Curious to see what everyone’s feelings/thoughts/reactions are to the above (for the uninitiated, see this link). At first I had what I assume is the standard reaction, which was a gagging noise followed by rolling eyes…but the more I dug into it the more I’m intrigued. I don’t see this as a tool to use walking in the door to sell someone on Agile adoption but for an experienced practitioner I could see this being useful as a reference tool comparing different approaches to topics in the same tangenital space. Thoughts?
Looks interesting but it’s hard to tell; Is there a version that’s legible? I think there are other threads talking about this here as well…
here’s the deck it comes from, there’s a good copy in there… http://www.slideshare.net/ChrisWebb6/last-conference-2016-agile-landscape-presentation-v1
here’s the the actual slide itself http://www.slideshare.net/ChrisWebb6/agile-placemat-v9
I don’t understand why we feel the need to make agile complex and saturated. Would someone explain why 12 principles to help guide behavior requires this kaleidoscope of buzzwords?
If you read the names of the stops on this subway-map-to-hell, you’ll find a good dose of irony (just one: “visual waste”)
We’re humans, making things complicated is what we do! Over-generefication or classification is part of the human condition…have you ever listened to someone try to classify different flavors of heavy metal/movies/comic books? In the quest to find a “one word/one size fits all” descriptor we fracture and make classification overwhelming.
I think the subway map is a sign that we’ve overcomplicated things, but the question is all that complication warranted? I’m all for KISS but at the same time maybe we do need to create different levels of strata?
Not agreeing/disagreeing with you, just trying to drive conversation.
“Levels of strata” doesn’t register for me.
The truth is this is a company that struggles with Agile business (and reputation in this domain), therefore a play on executive preference for visual aids/formats/content is a calculated move to elicit a sales conversation, regardless of fit, with a neat side-effect of a guaranteed retainer.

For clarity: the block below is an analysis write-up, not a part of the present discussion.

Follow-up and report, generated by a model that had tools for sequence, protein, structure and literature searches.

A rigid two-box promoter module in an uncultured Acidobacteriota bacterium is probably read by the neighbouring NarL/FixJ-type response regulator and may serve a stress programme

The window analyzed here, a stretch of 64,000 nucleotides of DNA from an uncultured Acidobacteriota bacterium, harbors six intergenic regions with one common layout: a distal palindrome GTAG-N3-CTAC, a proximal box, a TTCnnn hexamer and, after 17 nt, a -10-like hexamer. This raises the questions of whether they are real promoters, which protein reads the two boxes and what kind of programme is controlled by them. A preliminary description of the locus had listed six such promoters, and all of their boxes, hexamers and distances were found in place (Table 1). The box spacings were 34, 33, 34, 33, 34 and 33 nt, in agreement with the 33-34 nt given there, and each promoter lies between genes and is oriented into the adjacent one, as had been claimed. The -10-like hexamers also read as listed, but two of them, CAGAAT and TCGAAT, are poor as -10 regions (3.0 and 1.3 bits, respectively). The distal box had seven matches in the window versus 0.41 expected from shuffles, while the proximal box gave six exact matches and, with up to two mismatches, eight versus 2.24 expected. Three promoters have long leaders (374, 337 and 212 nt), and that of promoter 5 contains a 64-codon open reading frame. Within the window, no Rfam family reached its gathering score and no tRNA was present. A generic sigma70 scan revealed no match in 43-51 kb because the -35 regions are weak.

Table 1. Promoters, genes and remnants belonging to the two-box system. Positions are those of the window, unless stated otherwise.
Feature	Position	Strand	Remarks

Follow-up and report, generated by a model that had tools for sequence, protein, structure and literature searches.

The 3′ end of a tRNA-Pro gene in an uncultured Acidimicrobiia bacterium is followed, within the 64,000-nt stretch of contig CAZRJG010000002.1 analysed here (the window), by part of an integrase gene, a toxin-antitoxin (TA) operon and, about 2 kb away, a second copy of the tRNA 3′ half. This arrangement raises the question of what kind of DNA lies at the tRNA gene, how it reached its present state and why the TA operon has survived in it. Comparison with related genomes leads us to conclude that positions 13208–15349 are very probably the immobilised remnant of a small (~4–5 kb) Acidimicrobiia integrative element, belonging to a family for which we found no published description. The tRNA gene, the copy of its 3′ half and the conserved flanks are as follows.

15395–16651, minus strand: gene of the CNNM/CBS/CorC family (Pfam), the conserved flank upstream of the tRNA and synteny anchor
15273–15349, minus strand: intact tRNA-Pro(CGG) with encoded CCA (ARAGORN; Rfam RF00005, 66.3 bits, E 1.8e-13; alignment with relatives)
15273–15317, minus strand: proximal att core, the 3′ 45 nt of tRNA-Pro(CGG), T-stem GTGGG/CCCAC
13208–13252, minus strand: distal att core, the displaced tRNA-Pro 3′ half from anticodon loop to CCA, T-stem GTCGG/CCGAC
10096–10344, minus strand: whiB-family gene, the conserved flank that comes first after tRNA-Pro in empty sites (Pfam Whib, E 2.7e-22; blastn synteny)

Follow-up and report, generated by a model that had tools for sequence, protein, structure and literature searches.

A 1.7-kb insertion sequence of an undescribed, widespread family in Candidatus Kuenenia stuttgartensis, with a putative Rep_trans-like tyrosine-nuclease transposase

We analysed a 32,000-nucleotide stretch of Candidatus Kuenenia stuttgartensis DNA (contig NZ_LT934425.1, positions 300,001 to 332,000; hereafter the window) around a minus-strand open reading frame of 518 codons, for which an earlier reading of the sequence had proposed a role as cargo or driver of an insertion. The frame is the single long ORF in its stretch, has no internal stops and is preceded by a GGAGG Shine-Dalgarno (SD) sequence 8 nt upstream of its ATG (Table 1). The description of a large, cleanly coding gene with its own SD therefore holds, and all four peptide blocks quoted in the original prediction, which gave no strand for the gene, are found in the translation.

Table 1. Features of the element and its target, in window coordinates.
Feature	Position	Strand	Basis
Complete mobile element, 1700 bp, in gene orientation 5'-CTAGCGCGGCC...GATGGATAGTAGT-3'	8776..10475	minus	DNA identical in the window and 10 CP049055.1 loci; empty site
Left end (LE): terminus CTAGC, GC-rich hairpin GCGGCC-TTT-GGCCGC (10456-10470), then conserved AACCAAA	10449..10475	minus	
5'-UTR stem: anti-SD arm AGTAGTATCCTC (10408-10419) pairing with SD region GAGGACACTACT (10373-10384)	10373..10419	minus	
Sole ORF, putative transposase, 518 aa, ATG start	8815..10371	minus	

I see a node in “Test Driven Development” called “Acceptance Criteria.” Think about that. What problem does classification solve and in service to who?
Interesting post RE: the topic at hand.
The original reaction was the same as the tweet storm. I printed out the Agile Placemat, showed it to people and jokingly said I finally had a good map to “implement Agile”. Secretly though, I really liked the map, because as a beginning Scrum Master, there is always the fear that I am missing something important. This map provided some form of structure where all concepts seem to come from. It might be far from perfect, but it does show me if there are interesting corners of the field that I can read up on.
I don’t ever agree with people being sharply rude, insulting, or degrading.
And there were certainly a handful of mean spirited comments to this work.
But the vast majority of critical feedback I read, and those I myself provided (including some commentary in upcoming podcasts), are fairly critical of the content and presentation.
I have no interest in degrading the author. I’m familiar with him, also. But this approach to selling agile strikes a nerve for many people because it’s inhibiting, confusing, and sends a message to organizations that we ultimately spend years trying to de-tangle.
This text explaining the context should always be included with that diagram IMO!
“We like to conceptualise Agile as a highly interconnected landscape of practices transporting ideas across zones to value. There is no perfect starting point, nor an express line or a direct route suiting all conditions.”